Home Equity Refinancing Tip in USA Weekend
Picture taken by and copyrighted by Bob Gilbert with all rights reserved. New home in Old Town Katy.
I found this interesting article on USA Weekend written by Robert Powell. The question asked is whether a homeowner should refinance their Home Equity loan when the rate decreases. I always look at the cost to refinance any loan and the payback period of the associated savings. I believe the advice he have this homeowner is sound. When other item to consider is whether in plan to stay in the home or move? .
I might start following Mr. Powell’s answers to homeowners tips.
Here is his answer: Robert Powell answers your personal finance questions. His column runs Tuesdays and Thursdays at usaweekend.com.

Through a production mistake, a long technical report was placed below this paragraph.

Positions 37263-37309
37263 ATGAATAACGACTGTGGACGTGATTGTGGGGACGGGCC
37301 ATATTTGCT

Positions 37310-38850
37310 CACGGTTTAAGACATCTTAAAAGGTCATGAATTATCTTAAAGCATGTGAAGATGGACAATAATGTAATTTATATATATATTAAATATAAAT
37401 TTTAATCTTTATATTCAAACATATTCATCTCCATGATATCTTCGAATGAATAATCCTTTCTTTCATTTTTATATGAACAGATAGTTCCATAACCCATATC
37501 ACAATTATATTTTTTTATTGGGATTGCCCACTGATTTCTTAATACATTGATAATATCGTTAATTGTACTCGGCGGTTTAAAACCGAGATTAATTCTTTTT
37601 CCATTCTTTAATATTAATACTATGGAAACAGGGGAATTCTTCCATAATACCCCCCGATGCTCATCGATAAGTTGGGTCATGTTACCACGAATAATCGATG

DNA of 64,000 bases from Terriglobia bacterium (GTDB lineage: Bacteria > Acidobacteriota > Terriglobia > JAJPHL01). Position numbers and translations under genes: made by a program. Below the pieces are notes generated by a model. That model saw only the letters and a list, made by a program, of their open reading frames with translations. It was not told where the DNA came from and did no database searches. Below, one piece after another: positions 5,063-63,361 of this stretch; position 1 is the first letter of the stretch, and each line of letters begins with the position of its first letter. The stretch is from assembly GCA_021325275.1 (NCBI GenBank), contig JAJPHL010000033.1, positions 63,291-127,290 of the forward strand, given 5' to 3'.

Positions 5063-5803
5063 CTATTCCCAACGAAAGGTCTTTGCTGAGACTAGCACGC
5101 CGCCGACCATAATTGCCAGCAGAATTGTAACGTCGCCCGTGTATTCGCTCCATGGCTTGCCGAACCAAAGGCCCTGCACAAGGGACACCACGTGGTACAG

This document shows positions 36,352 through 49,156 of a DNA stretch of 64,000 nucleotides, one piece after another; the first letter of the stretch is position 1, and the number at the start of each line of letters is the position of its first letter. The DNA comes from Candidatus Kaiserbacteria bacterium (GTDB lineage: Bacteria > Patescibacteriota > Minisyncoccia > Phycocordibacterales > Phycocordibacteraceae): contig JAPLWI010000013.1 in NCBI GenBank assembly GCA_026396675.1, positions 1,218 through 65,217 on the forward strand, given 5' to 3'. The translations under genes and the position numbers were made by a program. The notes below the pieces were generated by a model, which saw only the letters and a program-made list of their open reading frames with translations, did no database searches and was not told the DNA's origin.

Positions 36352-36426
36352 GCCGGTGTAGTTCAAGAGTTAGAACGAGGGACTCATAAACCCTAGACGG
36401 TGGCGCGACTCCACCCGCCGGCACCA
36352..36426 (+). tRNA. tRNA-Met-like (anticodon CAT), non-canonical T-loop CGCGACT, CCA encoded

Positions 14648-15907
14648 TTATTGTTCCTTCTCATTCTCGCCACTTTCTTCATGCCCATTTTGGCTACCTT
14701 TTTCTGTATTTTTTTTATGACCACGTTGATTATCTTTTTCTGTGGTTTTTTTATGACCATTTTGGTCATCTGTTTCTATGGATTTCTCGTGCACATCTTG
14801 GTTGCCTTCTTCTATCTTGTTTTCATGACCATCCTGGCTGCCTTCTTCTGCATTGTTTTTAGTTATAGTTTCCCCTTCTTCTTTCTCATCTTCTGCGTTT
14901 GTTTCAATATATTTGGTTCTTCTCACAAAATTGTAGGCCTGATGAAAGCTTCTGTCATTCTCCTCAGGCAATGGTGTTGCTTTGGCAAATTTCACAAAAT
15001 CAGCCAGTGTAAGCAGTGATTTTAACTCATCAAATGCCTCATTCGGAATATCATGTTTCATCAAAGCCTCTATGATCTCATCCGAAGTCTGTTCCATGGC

Should I refinance to a home equity loan to lower my interest from 5.8% to 4% and payments by one year? I owe about $55,000.
– Mindy Bradley, Amarillo, Texas
Should you accept a 31% rate cut? Absolutely, says Don St. Clair, a certified financial planner in Roseville, Calif., and owner of MortgageNudge. But before you sign, make sure you're comparing apples to apples.
If what you have now is a home equity loan, your remaining term, payment, and current 5.8% rate are likely fixed, says St. Clair. A home equity loan is not the same as a home equity line of credit (HELOC), which are generally offered with a variable rate.
If you go from a fixed rate to a lower, but variable rate, consider how an increase in interest rates might affect your ability to service the debt, says St. Clair.
So if the refinance involves any cost (points, fees and pre-payment penalties), you'll want to know how long it will take to break even, says St. Clair. "No sense incurring upfront costs if you're going to sell, move or otherwise pay off the new loan (or line) before you recover those costs," he says. "All things being equal, take the lower rate. Just make sure you're not trading an apple for a lemon."